All good things must come to an end, and the five-year run of Slow Burn Theatre at the West Boca Performing Arts Theatre is one of those things. No worries for the troupe’s fans, though: Slow Burn isn’t vanishing, just relocating.
Since its launch in 2010 with Bat Boy, Slow Burn has grown into one of South Florida’s best and most daring musical theater companies. As of this fall, it will be the resident company in the Amaturo Theater at the Broward Center for the Performing Arts. (Another professional company, the Marquee Theater Company, will launch its season of musicals with the Elton John-Tim Rice Aida at the Boca Raton facility in the fall.)
Bidding Boca adieu, Slow Burn is doing a start-of-summer production of the 1982 Off-Broadway smash Little Shop of Horrors. Even if that would mean a bit of a road trip for you, the drive is worth it, if only to hear some of the region’s best actors sing the heck out of the Alan Menken-Howard Ashman score.
The stellar vocals aren’t the only thing Little Shop has to offer, though. Patrick Fitzwater’s direction and choreography, Andrew Gilbert’s musical direction, the cast’s acting, and the mad puppet duo of Rick Peña and Geoffrey Short (Peña operates the ravenous Audrey II, Short supplies the booming voice of the man- and woman-eating plant) all live up to the high bar Slow Burn has set for itself.
Based on the low-budget 1960 Roger Corman horror movie, the musical Little Shop of Horrors is a spoof in which a bad ending (all the major characters end up as plant food) doesn’t equal a sad ending.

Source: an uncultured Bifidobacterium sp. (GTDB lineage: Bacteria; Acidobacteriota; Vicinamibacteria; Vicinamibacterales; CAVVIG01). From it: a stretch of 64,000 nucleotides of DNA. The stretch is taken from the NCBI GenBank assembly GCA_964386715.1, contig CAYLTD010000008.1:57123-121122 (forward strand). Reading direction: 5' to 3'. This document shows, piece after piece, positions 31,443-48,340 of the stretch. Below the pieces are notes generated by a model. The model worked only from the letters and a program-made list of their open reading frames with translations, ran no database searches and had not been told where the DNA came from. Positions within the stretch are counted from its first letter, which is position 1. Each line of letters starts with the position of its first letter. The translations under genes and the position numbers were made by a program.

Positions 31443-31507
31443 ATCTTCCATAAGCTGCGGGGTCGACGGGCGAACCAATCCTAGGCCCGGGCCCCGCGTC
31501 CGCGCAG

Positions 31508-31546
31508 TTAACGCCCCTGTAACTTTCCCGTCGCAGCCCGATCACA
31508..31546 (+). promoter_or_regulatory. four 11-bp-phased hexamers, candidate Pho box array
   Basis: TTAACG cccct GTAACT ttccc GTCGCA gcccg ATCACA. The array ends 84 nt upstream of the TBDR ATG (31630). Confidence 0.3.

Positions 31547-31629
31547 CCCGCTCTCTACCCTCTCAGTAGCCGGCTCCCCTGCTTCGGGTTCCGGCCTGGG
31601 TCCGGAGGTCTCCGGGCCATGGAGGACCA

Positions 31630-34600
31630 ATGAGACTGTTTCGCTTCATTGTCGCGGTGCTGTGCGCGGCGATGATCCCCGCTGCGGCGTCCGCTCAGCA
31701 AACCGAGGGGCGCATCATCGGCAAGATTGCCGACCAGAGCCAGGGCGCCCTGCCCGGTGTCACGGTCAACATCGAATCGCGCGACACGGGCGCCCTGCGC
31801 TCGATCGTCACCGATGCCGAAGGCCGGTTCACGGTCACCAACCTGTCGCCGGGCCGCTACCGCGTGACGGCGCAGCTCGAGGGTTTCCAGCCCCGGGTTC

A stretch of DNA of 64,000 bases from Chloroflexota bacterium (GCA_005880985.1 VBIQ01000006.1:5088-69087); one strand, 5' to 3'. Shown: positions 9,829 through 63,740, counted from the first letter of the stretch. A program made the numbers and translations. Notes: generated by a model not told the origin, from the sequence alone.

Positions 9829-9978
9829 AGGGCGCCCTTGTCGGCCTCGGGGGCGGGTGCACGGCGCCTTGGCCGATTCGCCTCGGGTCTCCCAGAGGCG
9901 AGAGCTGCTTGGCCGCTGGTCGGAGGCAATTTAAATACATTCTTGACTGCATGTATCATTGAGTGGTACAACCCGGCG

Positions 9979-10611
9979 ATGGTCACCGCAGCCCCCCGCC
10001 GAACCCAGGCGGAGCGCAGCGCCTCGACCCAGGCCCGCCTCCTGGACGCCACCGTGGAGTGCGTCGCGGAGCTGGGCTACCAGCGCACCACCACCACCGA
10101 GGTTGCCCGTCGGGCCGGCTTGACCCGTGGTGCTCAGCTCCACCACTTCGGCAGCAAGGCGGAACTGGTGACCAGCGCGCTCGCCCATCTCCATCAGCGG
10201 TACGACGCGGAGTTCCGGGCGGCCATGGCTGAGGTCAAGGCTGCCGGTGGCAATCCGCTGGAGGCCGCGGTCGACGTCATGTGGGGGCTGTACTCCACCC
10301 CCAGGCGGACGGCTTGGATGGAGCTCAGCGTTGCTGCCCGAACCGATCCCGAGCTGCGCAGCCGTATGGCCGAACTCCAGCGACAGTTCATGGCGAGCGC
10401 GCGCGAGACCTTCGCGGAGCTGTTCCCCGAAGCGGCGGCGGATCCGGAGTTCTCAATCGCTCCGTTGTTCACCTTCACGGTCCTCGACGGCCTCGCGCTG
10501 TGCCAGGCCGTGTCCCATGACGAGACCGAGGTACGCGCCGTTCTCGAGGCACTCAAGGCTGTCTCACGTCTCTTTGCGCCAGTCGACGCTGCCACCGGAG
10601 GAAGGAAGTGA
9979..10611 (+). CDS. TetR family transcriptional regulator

Set in a withering flower shop on Skid Row, the show begins in despair as crabby Mr. Mushnik (Matthew Korinko) threatens to fire his horticulturally curious assistant Seymour Krelborn (Mike Westrich) and saleslady Audrey (Amy Miller Brennan), a sweet-natured blond whose rock-bottom self esteem has led her to date an abusive dentist, Orin Scrivello (Shane Tanner). Seymour saves the day, the shop and his job when he develops a “strange and interesting plant” he dubs the Audrey II, in honor of the co-worker on whom he has a massive crush.
Looking like a rapidly growing Venus flytrap, Audrey II puts its carnivorous cousin to shame, demanding blood and (soon enough) guts. One by one, the characters make an inevitable journey down Audrey II’s gullet, as the girl-group neighborhood chorus — Crystal (Christina Alexander), Ronette (Nicole Dikun) and Chiffon (Elisa Dannielle) — offers sly musical commentary.
Sean McClelland’s deliberately distressed set, Lance Blank’s sometimes murky-by-choice lighting and Peña’s tongue-in-cheek costumes give Slow Burn’s Little Shop a cartoonish vibe, and the characters could be played that way. But thankfully they’re not, and the production has plenty of heart.
Westrich, Miller Brennan, Korinko and Tanner are powerhouse singers, so much so that when they’re singing together, Fitzwater (who also does the sound) should probably take the volume down a notch or two or three.
Westrich is earnest and adorable as Seymour, the nice guy whose willingness to do anything for Audrey (the human, not the plant) leads to an all-too-short romance. Miller Brennan finds the sweet, yearning-for-normalcy humor and the darker colors in Audrey, infusing Somewhere That’s Green with precisely controlled longing. Tanner, Miller Brennan’s real-life hubby, makes Orin a goofy yet decidedly unsettling bully with a killer voice, and he’s terrific in a variety of other quick-change roles. Korinko is all conniving bluster as Mushnik, and as the sassy “urchin” chorus, Alexander, Dikun and Dannielle add immeasurably to the droll tone and vocal richness of the show.
Peña and Short create the requisite bloodthirsty magic needed to make Audrey II as viable a character as any of the others. Let the finale song, Don’t Feed the Plants, serve as a warning: Unless you want to end up as a human version of Miracle-Gro, stay away from the stage.